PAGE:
By Joseph Moss – firstname.lastname@example.org
The low interest-rate environment persisting since the global financial crisis has stymied the profitability of the banking sector, limiting what banks can earn on their loans and other assets and investments.
Back in 2008, the US Federal Reserve was forced to relax its monetary policy and facilitate excess liquidity in the buildup to the financial crisis. The central bank’s interventions to ease the effects of the economic crisis that ensued have induced low interest rates in most advanced economies. However, with significant improvement in the US economic picture now, the crisis finally appears to be in the rearview mirror, and this low interest-rate environment is likely to end sooner or later. According to the Fed’s announcements, it has become apparent that an increase in the rates is possible before the end of this year.
The broader US stock index, the S&P 500 index, has been in an uptrend since March 2009, powered in part by low interest rates. But that doesn’t mean that rising interest rates could end the stock bull market. The Fed will only move toward raising interest rates if it sees broad-based improvement in the economy and labor market. In other words, a rising interest-rate environment is the product of stronger economic growth. A gradual increase, therefore, can be beneficial to equity investors and does not necessarily spell the end of the bull market. As a matter of course, certain sectors are poised to benefit from rising interest rates, and banks—through their ability to lend, to insure and to manage a growing base of assets—are in the sweet spot.
For that reason, a lot of research nowadays is focused on the influence higher interest rates will have on banks’ earnings, capital-adequacy levels, other related measures and even possible strains. That’s because interest rate risk management is at the heart of a bank’s business model.
In the event of the rate hike, as expected, it would be safe to assume that Bank of America (NYSE:BAC) will generate considerably more net revenue as its balance sheet is “asset sensitive to both a parallel move in interest rates and a long-end led steepening of the yield curve,” as per its latest Form 10-Q for the Securities and Exchange Commission. But let’s hold that thought for a moment, and let’s examine how the inevitable rise in rates will impact bank performance first.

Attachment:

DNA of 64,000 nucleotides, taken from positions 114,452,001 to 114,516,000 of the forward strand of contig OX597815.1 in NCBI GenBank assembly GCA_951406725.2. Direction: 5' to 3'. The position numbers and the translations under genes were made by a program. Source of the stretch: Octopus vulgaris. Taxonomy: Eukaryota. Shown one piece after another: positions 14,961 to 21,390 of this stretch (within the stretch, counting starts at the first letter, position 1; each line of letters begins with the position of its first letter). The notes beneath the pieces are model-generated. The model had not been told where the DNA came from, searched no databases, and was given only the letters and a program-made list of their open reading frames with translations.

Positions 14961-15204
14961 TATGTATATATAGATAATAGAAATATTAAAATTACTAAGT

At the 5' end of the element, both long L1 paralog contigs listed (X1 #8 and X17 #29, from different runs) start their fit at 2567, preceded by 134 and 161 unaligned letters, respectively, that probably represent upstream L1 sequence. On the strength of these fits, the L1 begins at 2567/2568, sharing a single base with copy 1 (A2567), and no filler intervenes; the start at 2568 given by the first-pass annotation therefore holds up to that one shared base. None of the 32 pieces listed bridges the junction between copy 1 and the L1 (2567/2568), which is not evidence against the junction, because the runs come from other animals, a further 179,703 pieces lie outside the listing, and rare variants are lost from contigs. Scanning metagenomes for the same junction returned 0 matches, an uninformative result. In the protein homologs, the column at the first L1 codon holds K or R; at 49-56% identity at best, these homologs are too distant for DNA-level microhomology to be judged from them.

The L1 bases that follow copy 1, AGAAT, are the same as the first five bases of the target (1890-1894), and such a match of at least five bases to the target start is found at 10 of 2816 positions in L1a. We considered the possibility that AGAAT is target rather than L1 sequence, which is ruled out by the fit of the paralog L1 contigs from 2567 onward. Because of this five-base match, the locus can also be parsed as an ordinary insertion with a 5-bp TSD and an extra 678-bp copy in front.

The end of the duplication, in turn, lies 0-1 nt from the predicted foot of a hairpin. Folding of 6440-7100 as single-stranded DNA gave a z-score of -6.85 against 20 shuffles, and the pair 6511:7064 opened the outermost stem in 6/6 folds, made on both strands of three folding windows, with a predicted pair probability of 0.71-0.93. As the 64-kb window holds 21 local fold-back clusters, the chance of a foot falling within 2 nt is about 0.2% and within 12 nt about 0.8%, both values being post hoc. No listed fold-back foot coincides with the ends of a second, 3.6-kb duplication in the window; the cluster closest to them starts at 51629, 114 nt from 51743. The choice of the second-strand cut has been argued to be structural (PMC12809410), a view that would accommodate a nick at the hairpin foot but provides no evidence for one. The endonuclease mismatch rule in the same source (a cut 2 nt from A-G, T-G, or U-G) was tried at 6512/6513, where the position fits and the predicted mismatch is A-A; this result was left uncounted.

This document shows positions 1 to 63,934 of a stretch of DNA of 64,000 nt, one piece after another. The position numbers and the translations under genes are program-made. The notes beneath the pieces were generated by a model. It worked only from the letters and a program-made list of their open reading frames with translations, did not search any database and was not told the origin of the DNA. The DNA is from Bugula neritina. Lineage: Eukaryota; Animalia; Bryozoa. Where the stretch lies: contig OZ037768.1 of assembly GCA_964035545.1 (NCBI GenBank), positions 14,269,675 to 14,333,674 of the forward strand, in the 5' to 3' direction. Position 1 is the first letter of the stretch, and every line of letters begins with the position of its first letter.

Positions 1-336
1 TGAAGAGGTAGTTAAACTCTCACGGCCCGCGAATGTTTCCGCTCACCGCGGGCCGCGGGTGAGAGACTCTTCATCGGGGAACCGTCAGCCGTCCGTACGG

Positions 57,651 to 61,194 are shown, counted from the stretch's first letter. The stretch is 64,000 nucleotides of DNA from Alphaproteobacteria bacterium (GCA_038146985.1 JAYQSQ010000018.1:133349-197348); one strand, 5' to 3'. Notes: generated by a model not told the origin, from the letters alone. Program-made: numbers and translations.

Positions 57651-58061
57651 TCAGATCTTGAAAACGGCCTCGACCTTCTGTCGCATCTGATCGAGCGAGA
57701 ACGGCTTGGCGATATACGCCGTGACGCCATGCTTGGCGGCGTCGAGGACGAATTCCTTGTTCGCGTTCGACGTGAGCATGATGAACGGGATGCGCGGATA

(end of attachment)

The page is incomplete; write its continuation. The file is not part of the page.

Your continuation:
Changes in net-interest margins
A bank’s financial intermediation business model involves borrowing short-term and lending long-term, also known as “maturity transformation”. Therefore, a bank’s balance sheet is typically characterized by a maturity mismatch. This maturity mismatch tends to increase a bank’s net-interest margin any time there’s a steepening of the yield curve. As a result of which, long-term assets will have higher incremental returns than the incremental costs of short-term liabilities.
In Bank of America’s case, the bank has projected earnings scenarios on page 109 of its latest 10-Q (also shown in the illustration above). Accordingly, a 100-bps (basis points) increase in both long- and short-term rates will rake in an additional $4.55 billion to its annual net-interest income, representing the best scenario. To put it into perspective, BofA’s profit dropped 58 percent to $4.88 billion in 2014, weighed down by a nearly $17-billion settlement with the federal government over toxic mortgages. On the other hand, a 50-bps decrease on both ends of the yield curve will shrink its net-interest income by $3.5 billion, and thus would make the worst scenario. The bank projects other intermediate scenarios as well, but as you can deduce, a downward shift in rates is bad for its earnings.